Message 4 of 7 , Apr 6, 2011
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          Quinine as an addition is a good possibility.  Honey bees don't taste it.  They used quinine to spike sugar sold to beekeepers during WWII so that it could not be resold on the black market, just used to feed colonies.
           
          Anita
          If we knew what we were doing, it wouldn't be research.
          Albert Einstein

          Apr 6, 2011 04:45:18 PM, HIkerd@... wrote:
           

          All-

          Quinine (quinine sulfate / quinine bisulfate) will discourage most all would be drinkers. I can't give you any exact doses but it will it does work. Should act like a salt in solution but the quantity I used (ten years ago - can't remember) did not affect the mounted quality of the bees to any noticeable degree.

          Buying the "anti-parasitic" medication for pond fish is the cheapest way of getting it.

          There is also the advantage of  Quinine being very sensitive to ultraviolet light (UV) as it will fluoresce in direct sunlight....


          Best,
          H




          HW Ikerd
          Hikerd@...
          435-227-5711 (Google Voice)
          435-797-2425(work)



          On Wed, Apr 6, 2011 at 1:51 PM, Stoner, Kimberly <Kimberly.Stoner@...> wrote:
           

          In relation to propylene glycol and cats:

           

          Apparently cats do have unique sensitivity to propylene glycol, which is not true of humans, dogs, or cattle.

           

          See this publication by the American Chemistry Council, not a group of “chemophobes” by any stretch of the imagination:

          http://msdssearch.dow.com/PublishedLiteratureDOWCOM/dh_0046/0901b80380046c77.pdf?filepath=propyleneglycol/pdfs/noreg/117-01660.pdf&fromPage=GetDoc

           

          and this article on “Heinz body formation in cats” from a veterinary school:

          http://www.vet.uga.edu/vpp/clerk/tarigo/index.php

           

          Propylene glycol (PG) is a common cause of HzB in cats. PG is a polyhydric alcohol used commonly as a solvent and preservative in pharmaceuticals, and as an inexpensive carbohydrate source in semi-moist foods for animals.3”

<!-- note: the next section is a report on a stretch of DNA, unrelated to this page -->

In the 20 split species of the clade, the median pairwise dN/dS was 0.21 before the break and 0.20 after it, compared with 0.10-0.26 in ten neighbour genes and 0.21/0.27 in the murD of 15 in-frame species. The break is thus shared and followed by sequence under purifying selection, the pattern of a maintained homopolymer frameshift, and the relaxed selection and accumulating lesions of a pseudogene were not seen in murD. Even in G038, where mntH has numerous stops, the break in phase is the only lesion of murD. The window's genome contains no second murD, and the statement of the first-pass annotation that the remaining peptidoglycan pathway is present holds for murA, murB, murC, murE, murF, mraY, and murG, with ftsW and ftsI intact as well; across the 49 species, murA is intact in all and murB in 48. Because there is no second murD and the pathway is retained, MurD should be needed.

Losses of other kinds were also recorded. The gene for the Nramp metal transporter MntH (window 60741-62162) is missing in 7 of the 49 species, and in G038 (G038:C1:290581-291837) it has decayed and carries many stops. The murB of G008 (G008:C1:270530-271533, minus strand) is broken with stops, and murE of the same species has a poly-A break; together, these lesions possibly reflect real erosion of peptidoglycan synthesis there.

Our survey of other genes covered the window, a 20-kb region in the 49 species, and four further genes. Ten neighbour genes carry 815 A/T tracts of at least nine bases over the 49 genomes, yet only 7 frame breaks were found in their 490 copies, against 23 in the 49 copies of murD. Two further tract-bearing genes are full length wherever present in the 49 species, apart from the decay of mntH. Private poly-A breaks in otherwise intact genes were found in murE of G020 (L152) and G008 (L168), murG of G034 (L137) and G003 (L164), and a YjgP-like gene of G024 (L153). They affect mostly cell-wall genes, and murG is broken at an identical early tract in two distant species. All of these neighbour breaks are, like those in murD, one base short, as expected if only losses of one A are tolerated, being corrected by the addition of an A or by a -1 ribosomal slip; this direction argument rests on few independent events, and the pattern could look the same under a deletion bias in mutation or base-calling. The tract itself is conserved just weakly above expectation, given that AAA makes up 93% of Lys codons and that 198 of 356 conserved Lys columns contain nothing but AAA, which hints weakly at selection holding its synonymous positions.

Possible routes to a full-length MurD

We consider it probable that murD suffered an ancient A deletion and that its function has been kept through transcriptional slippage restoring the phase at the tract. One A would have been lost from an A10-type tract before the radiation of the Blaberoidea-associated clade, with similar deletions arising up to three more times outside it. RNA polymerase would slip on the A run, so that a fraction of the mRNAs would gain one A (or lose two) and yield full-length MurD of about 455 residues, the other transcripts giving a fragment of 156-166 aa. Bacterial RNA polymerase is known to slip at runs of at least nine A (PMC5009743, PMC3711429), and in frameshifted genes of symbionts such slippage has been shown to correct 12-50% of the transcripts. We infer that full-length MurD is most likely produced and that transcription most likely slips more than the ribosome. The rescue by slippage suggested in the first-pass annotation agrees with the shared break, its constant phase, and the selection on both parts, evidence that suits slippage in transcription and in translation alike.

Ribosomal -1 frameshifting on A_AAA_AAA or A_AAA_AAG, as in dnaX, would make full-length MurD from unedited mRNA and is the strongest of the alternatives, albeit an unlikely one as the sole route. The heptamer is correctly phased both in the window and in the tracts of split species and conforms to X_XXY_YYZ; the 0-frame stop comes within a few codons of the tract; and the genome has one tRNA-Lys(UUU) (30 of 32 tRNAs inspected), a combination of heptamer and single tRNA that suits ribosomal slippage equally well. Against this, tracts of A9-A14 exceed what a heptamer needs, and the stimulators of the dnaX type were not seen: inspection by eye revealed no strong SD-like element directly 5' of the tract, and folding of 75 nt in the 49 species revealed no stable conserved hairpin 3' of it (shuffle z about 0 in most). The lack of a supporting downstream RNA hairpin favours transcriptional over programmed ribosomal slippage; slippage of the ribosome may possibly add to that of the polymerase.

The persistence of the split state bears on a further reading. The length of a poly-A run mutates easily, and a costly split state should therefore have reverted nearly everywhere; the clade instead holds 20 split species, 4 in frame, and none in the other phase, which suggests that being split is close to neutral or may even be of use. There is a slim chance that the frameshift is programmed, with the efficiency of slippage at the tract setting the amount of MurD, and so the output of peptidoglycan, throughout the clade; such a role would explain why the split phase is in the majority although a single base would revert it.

3. Christopher MM, White JG, Eaton JW. Erythrocyte pathology and mechanisms of Heinz body-mediated hemolysis in cats. Vet Pathol. 27:299-310. 1990.

          It would be wise to put the propylene glycol traps in locations where cats would not have access to them (inside fences, perhaps?)  I’ll think about that for the traps I intend to be putting out next week!

           

          Kim Stoner


        • Sam Droege
          We had no evidence of any animal drinking the material from around the country. Additionally, I had a whole series of traps in my yard with a dog and cat that
          Message 5 of 7 , Apr 7, 2011
          • 0 Attachment
            We had no evidence of any animal drinking the material from around the country.  Additionally, I had a whole series of traps in my yard with a dog and cat that both eat all sorts of disgusting things and they completely ignored the traps which were right at convenient drinking height.

            PG is used commonly by vets for lubricating pills for dogs and reaching inside of large animals....(but apparently not reaching inside of cats).  Vet supply houses are good places to buy gallon stocks of pure PG.

            sam

            Sam Droege  Sam_Droege@...                      
            w 301-497-5840 h 301-390-7759 fax 301-497-5624
            USGS Patuxent Wildlife Research Center
            BARC-EAST, BLDG 308, RM 124 10300 Balt. Ave., Beltsville, MD  20705
            Http://www.pwrc.usgs.gov

            Out Here

            Dear D., I'm in a place where history
            can't reach, they say.  I'm out here on the plain
            where corn, chemically assisted, fills
            a hog so full it staggers to its trough.
            where chickens lay in unison and sing
            the song American.  Where "family"

            is a metaphor and "home" a way to sell.
            The cows out on Moore's Pike moo like boosters
            for the new shopping mall extension.
            A woods the size of Florida's in flames,
            and breeding's rocket blows apart.  Who knows,
            the world may come to Bloomington in time.

            Already, condos claw up every hill
            in sight.  The refugees arrive.  The world's